Schneider Componon 28mm f2.8 Lens test

Schneider Kreuznach Componon 2.8/28 machine vision lens

This is the latest 28mm Componon design from Schneider intended for industrial machine vision applications like OLED inspection and quality control. This lens is just a little more expensive than the older 4/28 enlarger lens model, but the faster maximum aperture and all-metal v-mount body are worth the extra cost. The image quality of this lens in a stacked configuration is truly excellent but the Componon 2.8/28 is unknown in the macro photography world. At 3.2x magnification and at f3.1 the image quality of this lens is extremely clean and pristine from edge to edge, be sure to take a look at the 2500 pixel image sample below to see what I mean. At 4x this lens can outperform all, but just a few of the best microscope objectives. See the test below against the Mitutoyo 5x M Plan APO pushed down to 4.3x for a good example.

This lens was purchased at the full price and I did not receive any discount or commission for this post which does not contain any affiliate links, ads or visitor tracking.

Update on December 28th 2018: The Schneider Kreuznach 2.8/28 Componon lens and Mejiro 5.6/90 scan lens at 3.2x will cover the Nikon D850 full frame sensor body. See the image sample below under Full Frame Sensor Coverage at 3.2x.

QUICK REVIEW

  • Excellent image quality and extremely consistent corner performance

  • Better performance than any non-HR objective from 3-4x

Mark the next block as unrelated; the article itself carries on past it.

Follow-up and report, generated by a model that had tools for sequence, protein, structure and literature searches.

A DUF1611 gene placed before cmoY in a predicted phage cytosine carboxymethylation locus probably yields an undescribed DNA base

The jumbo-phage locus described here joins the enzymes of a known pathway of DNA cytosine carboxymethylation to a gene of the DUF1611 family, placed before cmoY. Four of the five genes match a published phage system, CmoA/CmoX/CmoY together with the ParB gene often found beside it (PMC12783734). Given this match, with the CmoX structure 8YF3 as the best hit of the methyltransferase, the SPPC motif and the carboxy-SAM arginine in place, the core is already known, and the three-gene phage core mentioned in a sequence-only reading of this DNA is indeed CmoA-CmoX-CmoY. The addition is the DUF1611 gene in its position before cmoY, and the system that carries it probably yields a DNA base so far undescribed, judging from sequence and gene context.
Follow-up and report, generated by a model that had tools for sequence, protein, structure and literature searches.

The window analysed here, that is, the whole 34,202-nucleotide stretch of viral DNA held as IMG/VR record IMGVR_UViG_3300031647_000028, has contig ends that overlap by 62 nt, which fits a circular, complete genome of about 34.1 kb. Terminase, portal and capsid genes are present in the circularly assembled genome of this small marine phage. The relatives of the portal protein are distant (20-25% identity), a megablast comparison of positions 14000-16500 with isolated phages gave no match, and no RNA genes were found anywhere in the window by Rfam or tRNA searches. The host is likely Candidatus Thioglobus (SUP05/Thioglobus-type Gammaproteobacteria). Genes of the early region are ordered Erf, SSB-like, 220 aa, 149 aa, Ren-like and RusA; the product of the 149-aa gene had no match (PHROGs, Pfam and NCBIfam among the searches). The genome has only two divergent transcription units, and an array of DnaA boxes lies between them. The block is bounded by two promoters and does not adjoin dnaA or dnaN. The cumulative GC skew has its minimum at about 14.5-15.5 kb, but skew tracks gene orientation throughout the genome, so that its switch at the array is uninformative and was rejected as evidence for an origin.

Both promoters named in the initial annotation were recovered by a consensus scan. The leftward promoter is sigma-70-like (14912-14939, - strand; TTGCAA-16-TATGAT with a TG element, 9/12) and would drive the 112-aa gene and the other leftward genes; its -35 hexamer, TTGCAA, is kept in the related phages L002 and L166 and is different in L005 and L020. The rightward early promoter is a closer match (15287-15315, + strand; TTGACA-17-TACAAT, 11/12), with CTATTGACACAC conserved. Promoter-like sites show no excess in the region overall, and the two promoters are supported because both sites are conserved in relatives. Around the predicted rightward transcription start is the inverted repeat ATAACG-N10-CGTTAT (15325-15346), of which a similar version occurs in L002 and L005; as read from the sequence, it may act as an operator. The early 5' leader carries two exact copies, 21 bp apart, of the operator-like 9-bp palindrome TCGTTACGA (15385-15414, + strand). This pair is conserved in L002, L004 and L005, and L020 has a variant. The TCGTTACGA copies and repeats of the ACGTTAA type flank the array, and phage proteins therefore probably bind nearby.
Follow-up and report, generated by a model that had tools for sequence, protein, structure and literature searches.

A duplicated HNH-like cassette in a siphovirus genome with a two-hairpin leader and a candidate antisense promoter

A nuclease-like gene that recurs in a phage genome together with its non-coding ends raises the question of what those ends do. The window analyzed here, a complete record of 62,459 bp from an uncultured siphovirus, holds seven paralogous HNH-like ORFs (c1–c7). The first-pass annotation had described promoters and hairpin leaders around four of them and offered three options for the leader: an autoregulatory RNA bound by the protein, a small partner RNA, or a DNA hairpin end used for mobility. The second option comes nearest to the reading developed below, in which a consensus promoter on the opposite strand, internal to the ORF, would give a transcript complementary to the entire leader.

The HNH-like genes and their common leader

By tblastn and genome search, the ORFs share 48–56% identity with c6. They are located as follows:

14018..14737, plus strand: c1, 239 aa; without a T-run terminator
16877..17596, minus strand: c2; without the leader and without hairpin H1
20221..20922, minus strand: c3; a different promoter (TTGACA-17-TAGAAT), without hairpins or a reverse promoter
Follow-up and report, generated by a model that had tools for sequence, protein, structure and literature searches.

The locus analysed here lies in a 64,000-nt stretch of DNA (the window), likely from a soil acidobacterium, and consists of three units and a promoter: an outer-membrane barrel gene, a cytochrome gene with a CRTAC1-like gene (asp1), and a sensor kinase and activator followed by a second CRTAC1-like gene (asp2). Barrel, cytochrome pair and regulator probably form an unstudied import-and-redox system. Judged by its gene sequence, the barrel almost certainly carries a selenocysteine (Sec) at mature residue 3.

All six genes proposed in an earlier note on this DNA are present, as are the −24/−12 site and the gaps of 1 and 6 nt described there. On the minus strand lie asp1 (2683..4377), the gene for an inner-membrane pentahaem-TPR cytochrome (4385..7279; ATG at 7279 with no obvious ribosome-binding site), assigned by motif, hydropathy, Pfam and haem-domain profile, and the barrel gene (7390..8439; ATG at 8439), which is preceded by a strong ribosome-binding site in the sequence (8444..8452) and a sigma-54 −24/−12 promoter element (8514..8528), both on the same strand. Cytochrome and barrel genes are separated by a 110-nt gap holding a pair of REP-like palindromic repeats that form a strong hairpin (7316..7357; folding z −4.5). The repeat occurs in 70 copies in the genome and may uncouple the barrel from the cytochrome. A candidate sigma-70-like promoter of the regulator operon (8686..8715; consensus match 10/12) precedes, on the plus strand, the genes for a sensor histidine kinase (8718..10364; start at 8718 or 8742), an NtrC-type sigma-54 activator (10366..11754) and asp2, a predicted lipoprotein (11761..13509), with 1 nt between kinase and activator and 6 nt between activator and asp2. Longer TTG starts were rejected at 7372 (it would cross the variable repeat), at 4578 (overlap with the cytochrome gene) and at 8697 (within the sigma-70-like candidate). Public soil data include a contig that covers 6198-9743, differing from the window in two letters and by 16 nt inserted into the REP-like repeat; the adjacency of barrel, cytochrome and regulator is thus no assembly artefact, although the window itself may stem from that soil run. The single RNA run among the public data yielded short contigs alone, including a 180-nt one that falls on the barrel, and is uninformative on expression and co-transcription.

• Better than the Mitutoyo 5x M plan at 4.3x

  • Sharpest at f2.8 - f3.1

  • Very good CA correction

  • Perfect APS-C sensor coverage

  • Full frame sensor coverage is very good

  • All metal barrel, no plastic

  • V38 mount

  • Excellent prices on the used market

  • Vibration and dust resistant design, cells are locked in place with thread locking compound.

Stacking vs extension

Stacking lenses, also called coupling lenses is a technique where you mount a lens in reverse on a second lens, usually a telephoto lens mounted normally, that can deliver excellent results. With the rear lens set to infinity focus and with the front lens reverse mounted there is no loss of light due to extension so you have the potential to resolve more than a since a wider aperture has the potential for higher resolution. Certain pairs of lenses when stacked can eliminate or greatly reduce chromatic aberrations. Stacking also can increase the coverage of a lens.

Twice before I’ve tested lenses of this type setup using only extension, and in both cases the results were very disappointing mostly due to soft corners. The earlier 4x test of 28mm enlarger lenses is available here on Closeuphotography.com: https://www.closeuphotography.com/4x-lens-test-part-3. Because of the disappointing results of the first two tests I sold all of the lenses from the first two groups except for the Schneider Componon 2.8/28 lens, which never received a single bid after sitting on eBay for months. Thanks to the encouragement of a friend I rediscovered stacking or coupling lenses in 2018 and I decided to try that 2.8/28 Componon lens. In a stacked configuration the 2.8/28 produces sharp corner to corner results wide open from and is currently one of the best lenses I have ever tested since starting this site in 2017. See this test of 28mm lenses, including the 2.8/28 Componon here on Closeuphotography.com: https://www.closeuphotography.com/28mm-componon-test

Image sample at 3.2x

The image below is at 3.2x magnification, click on the image below to open a Lightbox viewer and if your screen/window is large enough you can see the full size image, to check just look up at the URL window at the top of the browser, the URL should have 2500w at the end. If the image size is anything smaller you can easily change the number to 2500 manually and press enter to bring up the largest image.